CALSEC has pioneered femtotechnology sensors, the standoff, instant, automatic detection devices (“chemical nose”) that identify explosives, bioagents (including anthrax) and nuclear materials in a matter of 10’s of seconds to 3 minutes through steel and other barriers, and have proven to provide 97% accurate detection rates in field tests conducted by the US and foreign law enforcement agencies. In addition to security applications, use of femto sensors in petrochemical industry and as environmental monitors holds promise for significant short term returns. The recent transfer of femto technology to medicine is opening up femtomedicine, a new frontier in noninvasive cancer diagnosis [Encl.#3]. The management believes that global economic and humanitarian impact of CALSEC’s femtotechnology will be comparable to that of the discovery of X-rays at the turn of 20th century. Femto-technology derives its advantage from the use of fast neutron radiation whose wave length is a million times shorter and more penetrating than that of nanotechnology, on which the current chemical and medical probes are based. The technology was developed and commercialized in 2005 by CALSEC’s Chief Technology Officer and his team. Femto-technology has been largely overlooked due to a hostile takeover of the original company, just when its products begun to sell, followed by its bankruptcy in 2007 upon the exit of the scientific team, that is now CALSEC’s team. Twelve patent applications are owned by CALSEC.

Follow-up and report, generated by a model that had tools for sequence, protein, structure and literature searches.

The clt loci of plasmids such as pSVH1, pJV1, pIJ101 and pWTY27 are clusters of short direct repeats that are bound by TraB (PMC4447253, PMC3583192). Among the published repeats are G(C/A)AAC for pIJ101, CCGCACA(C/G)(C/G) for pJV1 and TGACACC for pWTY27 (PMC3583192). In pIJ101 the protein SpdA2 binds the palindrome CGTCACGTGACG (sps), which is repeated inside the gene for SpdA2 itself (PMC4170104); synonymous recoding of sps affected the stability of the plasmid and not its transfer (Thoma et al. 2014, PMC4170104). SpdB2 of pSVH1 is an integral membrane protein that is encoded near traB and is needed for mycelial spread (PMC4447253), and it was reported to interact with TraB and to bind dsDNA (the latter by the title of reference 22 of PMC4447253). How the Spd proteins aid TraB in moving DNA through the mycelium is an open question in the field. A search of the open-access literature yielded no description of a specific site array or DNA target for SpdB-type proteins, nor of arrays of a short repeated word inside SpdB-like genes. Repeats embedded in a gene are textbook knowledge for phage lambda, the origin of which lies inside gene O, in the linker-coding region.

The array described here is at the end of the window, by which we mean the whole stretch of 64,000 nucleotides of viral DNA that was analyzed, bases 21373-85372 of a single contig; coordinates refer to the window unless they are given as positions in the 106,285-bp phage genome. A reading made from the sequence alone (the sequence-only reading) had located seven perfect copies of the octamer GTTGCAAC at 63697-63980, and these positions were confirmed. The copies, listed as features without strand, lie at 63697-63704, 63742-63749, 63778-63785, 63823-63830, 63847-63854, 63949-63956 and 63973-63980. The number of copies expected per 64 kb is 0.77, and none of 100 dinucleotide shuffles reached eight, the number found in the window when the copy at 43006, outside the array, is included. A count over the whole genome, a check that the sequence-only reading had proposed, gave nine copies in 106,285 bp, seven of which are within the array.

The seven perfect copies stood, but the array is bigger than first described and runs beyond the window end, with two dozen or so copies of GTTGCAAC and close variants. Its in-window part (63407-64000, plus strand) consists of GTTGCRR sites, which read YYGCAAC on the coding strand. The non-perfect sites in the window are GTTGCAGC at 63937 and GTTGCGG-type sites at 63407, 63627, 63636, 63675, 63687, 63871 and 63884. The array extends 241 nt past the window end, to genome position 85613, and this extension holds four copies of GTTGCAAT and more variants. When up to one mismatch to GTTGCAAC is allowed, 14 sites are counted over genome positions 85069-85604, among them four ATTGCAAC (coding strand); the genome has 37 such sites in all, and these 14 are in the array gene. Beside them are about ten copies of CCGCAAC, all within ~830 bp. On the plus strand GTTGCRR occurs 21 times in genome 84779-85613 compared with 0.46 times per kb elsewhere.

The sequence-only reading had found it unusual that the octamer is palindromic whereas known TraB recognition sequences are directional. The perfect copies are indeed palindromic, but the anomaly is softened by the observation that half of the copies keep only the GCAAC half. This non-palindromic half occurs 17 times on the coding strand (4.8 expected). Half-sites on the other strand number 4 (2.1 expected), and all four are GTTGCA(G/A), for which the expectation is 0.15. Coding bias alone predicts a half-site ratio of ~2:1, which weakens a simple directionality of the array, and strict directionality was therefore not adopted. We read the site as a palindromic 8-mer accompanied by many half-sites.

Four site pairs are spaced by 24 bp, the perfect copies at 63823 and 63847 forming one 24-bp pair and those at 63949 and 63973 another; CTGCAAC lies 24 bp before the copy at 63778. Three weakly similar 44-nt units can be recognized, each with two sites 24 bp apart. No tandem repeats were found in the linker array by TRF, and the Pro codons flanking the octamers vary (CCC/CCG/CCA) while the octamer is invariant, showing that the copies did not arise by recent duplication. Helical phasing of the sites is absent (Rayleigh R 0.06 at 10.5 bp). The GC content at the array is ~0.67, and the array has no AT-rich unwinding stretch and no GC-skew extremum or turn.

“Femto-technology” arises from the enormously shorter wave-length of the fast neutron radiation which, in turn, allows its much deeper penetration into matter. Fast neutron wavelength is a femto-meter (millionth of a nanometer) - the size of the atomic nucleus. Fast neutrons interacts “locally” with each single atomic nucleus, unaffected by its molecular bonds. In contrast, security sensors use nanometer (a billionth of meter) wave-lengths which is the size of a molecule; thus X rays interact with the entire molecule. Radiation from Medical imagers is in micrometers (a millionth of a meter), which is the cell size, thus MRI or ultra sound interact with the entire cell. This makes FNA a femto-technology, as opposed to the competing nano and micro technologies. FNA can “count’ the number of individual atoms of each element within a molecule which, in turn, amounts to deciphering its empirical chemical formula. CALSEC's proprietary analytical algorithms synthesize gamma spectrum data emitted by an irradiated specimen, outputting both the precise atomic makeup and coordinates of target interrogated.